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Buffett bounce: Apple's stock pops after Berkshire Hathaway buys in

Shares of Apple got a boost as Warren Buffett's Berkshire Hathaway announced a new $1 billion stake in the tech giant and CEO Tim Cook toured China. The stock was the best performer on the Dow Monday, up more than 3.7 percent .

Apple's stock closed at $93.88 a share, down from its 52-week high of $132.97. The shares have fallen nearly 11 percent year to date, after the company missed analyst expectations for quarterly earnings and revenue, and iPhone sales sank for the first time ever.

Buffett's company is buying in. Portfolio managers at Berkshire bought a $1 billion stake in Apple, according to a Securities and Exchange Commission filing Monday. The company's new position in Apple totals 9.8 million shares.

Berkshire's vote of confidence should be a good omen for investors worried about China, and searching for Apple's long-term story, according to Gene Munster, managing director and senior research analyst at Piper Jaffray.

"Warren Buffett kind of lays some of those anxieties a little bit to rest," Munster told "Squawk on the Street" on Monday. "He believes it's going to be around for a long time and going to be a worthwhile investment, I think that's the real takeaway."

Well-known investors Carl Icahn and David Tepper have done the opposite, paring stakes in the company. Icahn cited weakness in the Chinese market as the main reason for scaling back.

"You worry a little bit — and maybe more than a little — about China's attitude," Icahn told CNBC's "Power Lunch" after selling shares in late April, later adding that China's government could "come in and make it very difficult for Apple to sell there."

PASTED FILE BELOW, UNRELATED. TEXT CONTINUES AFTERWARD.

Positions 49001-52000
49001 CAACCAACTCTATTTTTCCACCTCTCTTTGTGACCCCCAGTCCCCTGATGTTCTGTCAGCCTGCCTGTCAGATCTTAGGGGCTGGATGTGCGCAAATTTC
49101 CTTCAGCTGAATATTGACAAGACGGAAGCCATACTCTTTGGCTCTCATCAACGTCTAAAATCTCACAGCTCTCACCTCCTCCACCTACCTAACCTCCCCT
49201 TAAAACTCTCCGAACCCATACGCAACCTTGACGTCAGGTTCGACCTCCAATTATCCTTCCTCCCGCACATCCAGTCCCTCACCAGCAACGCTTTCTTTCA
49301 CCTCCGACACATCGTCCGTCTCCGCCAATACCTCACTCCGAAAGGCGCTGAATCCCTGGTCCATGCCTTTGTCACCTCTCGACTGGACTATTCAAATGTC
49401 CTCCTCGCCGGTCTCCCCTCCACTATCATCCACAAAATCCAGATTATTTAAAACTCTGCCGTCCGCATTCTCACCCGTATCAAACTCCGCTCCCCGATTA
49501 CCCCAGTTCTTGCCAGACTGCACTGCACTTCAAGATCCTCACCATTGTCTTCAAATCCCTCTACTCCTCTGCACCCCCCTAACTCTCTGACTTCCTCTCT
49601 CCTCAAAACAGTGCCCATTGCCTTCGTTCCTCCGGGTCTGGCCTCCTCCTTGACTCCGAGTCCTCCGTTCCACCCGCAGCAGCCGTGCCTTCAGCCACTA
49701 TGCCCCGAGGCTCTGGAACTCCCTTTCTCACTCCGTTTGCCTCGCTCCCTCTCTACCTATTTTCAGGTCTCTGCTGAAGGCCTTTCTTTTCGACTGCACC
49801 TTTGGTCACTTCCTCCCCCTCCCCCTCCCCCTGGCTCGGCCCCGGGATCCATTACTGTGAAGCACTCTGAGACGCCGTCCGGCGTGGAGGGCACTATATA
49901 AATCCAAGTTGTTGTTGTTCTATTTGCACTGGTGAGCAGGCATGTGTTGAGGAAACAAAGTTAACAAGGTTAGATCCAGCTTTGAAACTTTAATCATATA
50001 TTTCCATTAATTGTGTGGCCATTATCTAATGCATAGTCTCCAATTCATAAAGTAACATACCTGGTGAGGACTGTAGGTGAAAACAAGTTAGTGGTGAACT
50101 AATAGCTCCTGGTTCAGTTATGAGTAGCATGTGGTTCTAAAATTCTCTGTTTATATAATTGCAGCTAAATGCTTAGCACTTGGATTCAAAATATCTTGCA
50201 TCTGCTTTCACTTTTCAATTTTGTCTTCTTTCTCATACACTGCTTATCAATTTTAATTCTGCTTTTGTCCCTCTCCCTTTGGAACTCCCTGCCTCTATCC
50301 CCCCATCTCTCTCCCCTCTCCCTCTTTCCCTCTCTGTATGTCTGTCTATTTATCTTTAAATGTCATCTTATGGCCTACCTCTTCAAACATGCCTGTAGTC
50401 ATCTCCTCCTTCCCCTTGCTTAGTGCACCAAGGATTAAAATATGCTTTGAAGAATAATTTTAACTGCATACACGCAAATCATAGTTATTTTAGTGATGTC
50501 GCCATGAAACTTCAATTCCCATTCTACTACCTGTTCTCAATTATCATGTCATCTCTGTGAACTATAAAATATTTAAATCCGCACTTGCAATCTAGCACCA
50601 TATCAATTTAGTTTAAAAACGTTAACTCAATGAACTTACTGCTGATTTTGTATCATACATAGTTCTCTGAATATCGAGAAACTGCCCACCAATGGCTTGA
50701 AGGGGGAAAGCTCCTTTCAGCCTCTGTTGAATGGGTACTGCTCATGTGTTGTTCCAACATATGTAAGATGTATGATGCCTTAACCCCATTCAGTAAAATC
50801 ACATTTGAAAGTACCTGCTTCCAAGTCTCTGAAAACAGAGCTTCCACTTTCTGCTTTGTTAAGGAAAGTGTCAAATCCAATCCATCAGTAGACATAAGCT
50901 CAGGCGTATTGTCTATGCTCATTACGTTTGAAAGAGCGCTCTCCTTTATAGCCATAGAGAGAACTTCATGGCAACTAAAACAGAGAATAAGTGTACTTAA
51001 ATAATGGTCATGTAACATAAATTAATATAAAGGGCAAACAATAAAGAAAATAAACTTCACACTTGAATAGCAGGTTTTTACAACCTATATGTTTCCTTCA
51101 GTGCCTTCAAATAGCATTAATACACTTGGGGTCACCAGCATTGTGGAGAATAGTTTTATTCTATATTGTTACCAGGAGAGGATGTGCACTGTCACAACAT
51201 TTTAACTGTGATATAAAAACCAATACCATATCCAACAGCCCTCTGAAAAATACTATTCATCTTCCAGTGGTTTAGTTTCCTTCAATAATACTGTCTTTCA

David Einhorn's Greenlight Capital initially joined Tepper in Icahn in scaling back shares of Apple. But according to a regulatory filing submitted Monday, Greenlight raised its stakes to 8.21 million shares from 6.28 million in the previous quarter.

Source: FactSet

Sales in China, once the tech giant's fastest growing market, fell to $12.49 billion in the second quarter, a 26 percent decline year over year, the company said.

Apple's Cook was in Beijing on Monday, meeting with Chinese officials and internet firms. The tech giant announced a $1 billion investment in ride-hailing company Didi Chuxing last week, a move which Munster said could also ease skittish investors.

"What this does, is show that Tim Cook is on the offense in China," Munster said, adding that the Didi Chuxing investment signals a shift from core hardware to services.

Munster has a $153 price target and an "outperform" rating on the stock. Despite the shares' recent dip, he said the markets are wrong when it comes to Apple.

"We're in the camp that the market needs to catch up and the biggest reason is that growth is going to return," Munster said. "That's the message with having Warren Buffett involved."

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